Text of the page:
HR Still Matters- for Employees

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    26-Mar-2016

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HR Still Matters- for Employees

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  • Your Menu

    for Keeping Your

    Restaurant Job

  • Funded by

    About Us The Industry-Education Council of Hamilton (IEC) is a not-for-profit organization devoted to advancing cooperation between business, education and government and championing innovative programs and services that help young people understand the world of work. For more information, contact us: IEC Hamilton 225 King William Street, Suite 203 Hamilton, ON L8R 1B1 905 529 4483 info@iechamilton.ca

    www.iechamilton.ca

  • oung people choose to work in the restaurant industry for many reasons. Some use it as a part-time income source while they attend high school, college or university. Others take an entry-level position,

    hoping to get experience and find an opportunity for an advanced career in the industry. Some are in it for the money without any career plan attached to it. In whichever category you fall, you might have also noticed that many young people find it difficult to keep their job in this industry. The turnover rate is very high and young employees seems to be affected by it more than their older counterparts. To understand this issue in Hamiltons context, we talked to some casual and family restaurant managers and their young employees. By analyzing what theyve told us in light of commonly cited strategies for job retention, weve prepared this handbook. This guide gives you some tips on how to keep your job, learn about career opportunities in food services and make the best out of your experience working in this sector. Keep reading to know more about what restaurant managers look for in their best employees, your rights and responsibilities and how you can advance your career in this industry. Enjoy reading and if you have comments, contact us at info@iechamilton.ca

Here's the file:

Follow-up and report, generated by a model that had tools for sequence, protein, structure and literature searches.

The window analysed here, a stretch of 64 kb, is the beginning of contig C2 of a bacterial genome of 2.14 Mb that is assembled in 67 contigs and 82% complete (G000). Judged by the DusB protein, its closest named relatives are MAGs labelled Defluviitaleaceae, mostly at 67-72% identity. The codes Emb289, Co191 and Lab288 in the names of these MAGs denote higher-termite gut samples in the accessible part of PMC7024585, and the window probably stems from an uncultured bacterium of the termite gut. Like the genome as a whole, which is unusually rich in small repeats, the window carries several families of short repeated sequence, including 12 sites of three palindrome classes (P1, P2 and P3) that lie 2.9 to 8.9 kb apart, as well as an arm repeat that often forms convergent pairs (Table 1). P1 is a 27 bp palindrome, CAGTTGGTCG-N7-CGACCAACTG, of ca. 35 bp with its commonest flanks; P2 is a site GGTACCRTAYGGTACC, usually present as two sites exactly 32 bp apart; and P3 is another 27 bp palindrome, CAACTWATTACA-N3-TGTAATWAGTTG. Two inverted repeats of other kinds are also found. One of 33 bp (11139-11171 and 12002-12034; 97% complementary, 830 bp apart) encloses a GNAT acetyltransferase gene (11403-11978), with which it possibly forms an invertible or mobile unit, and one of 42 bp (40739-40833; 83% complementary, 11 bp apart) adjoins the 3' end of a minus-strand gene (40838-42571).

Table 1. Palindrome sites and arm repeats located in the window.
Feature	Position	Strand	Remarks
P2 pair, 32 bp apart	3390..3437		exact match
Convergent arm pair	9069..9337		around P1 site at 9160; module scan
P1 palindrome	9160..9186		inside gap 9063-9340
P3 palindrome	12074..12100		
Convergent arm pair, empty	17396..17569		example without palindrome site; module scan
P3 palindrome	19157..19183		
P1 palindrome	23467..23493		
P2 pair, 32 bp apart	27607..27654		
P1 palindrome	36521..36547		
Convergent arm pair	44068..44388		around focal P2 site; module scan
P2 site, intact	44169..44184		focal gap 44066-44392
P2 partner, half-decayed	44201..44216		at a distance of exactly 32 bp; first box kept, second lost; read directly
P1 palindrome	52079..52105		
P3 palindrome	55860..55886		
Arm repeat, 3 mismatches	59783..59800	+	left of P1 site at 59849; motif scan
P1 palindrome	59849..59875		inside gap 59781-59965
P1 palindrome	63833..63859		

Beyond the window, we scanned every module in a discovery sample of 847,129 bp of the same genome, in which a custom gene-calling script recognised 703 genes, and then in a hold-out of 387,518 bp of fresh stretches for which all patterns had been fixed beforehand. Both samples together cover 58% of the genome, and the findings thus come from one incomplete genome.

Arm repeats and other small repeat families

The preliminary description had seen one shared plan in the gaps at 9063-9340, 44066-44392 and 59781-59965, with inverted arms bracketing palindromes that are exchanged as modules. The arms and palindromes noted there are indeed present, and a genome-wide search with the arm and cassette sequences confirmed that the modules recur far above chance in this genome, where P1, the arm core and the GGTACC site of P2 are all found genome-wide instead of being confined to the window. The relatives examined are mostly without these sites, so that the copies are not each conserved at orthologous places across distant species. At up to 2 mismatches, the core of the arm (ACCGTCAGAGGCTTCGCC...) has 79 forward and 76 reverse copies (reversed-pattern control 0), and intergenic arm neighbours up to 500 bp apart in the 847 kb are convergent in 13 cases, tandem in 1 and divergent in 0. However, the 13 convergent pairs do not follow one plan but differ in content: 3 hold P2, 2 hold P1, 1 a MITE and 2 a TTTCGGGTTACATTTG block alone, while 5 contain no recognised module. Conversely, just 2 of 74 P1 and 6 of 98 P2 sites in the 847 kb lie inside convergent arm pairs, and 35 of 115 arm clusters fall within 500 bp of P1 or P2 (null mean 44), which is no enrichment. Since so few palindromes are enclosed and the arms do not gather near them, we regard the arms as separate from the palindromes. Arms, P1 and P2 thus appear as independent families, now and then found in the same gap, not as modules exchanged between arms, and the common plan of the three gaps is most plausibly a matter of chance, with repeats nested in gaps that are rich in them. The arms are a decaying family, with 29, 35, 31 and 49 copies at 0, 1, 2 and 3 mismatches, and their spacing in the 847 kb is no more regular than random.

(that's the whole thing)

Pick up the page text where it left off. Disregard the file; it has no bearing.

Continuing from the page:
Y

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    Did you Know.? Forty-three percent of food service

    industry employees are between the ages of 15 and 24. Twenty-two percent of Canadians report that their first job was in the restaurant industry.

    Young people are the major source of staffing for the foodservice industry in Canada as they comprise 44% of the employees in the sector.

    (Canadian Restaurant and Foodservice Association)

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    Survey Says.

    All managers in our survey told us that appearance (hair, neatness, visible piercing or tattoos etc.) is a very important factor in hiring and keeping employees.

    What should you do? Make sure you follow

    the companys regulations.

    If uniforms are part of your job, make sure you use them all the time. Keep them clean. Look professional.

    Communicate with your supervisor about what is appropriate and what is not.

    Your Skills Restaurant managers are on the hunt for people who possess a combination of the following skills: People skills Interest in food and cooking Basic math skills Team player Ability to multi-task Ability to work in a fast-paced environment

    Understand what is expected of you

  • Survey Says.

    Most managers view their young employees as dependable and capable. They said there is a room for improvement in showing willingness in taking turns to do tasks that might be unpleasant.

    What should you do?

    Understand your responsibilities and duties. Make sure you are trained for the job you are doing. If you dont understand, ask your supervisor. Respect your co-workers and customers. Be on time. Know your rights.

    Most employees, including young workers, may not

    work longer than five hours in a row without getting a

    30-minute eating period. If the employer and

    employee agree, the 30-minute eating period may be

    taken as two breaks within each five-consecutive-

    hour work period. Meal breaks are unpaid unless the

    employees employment contract requires payment.

    Employers do not have to give employees coffee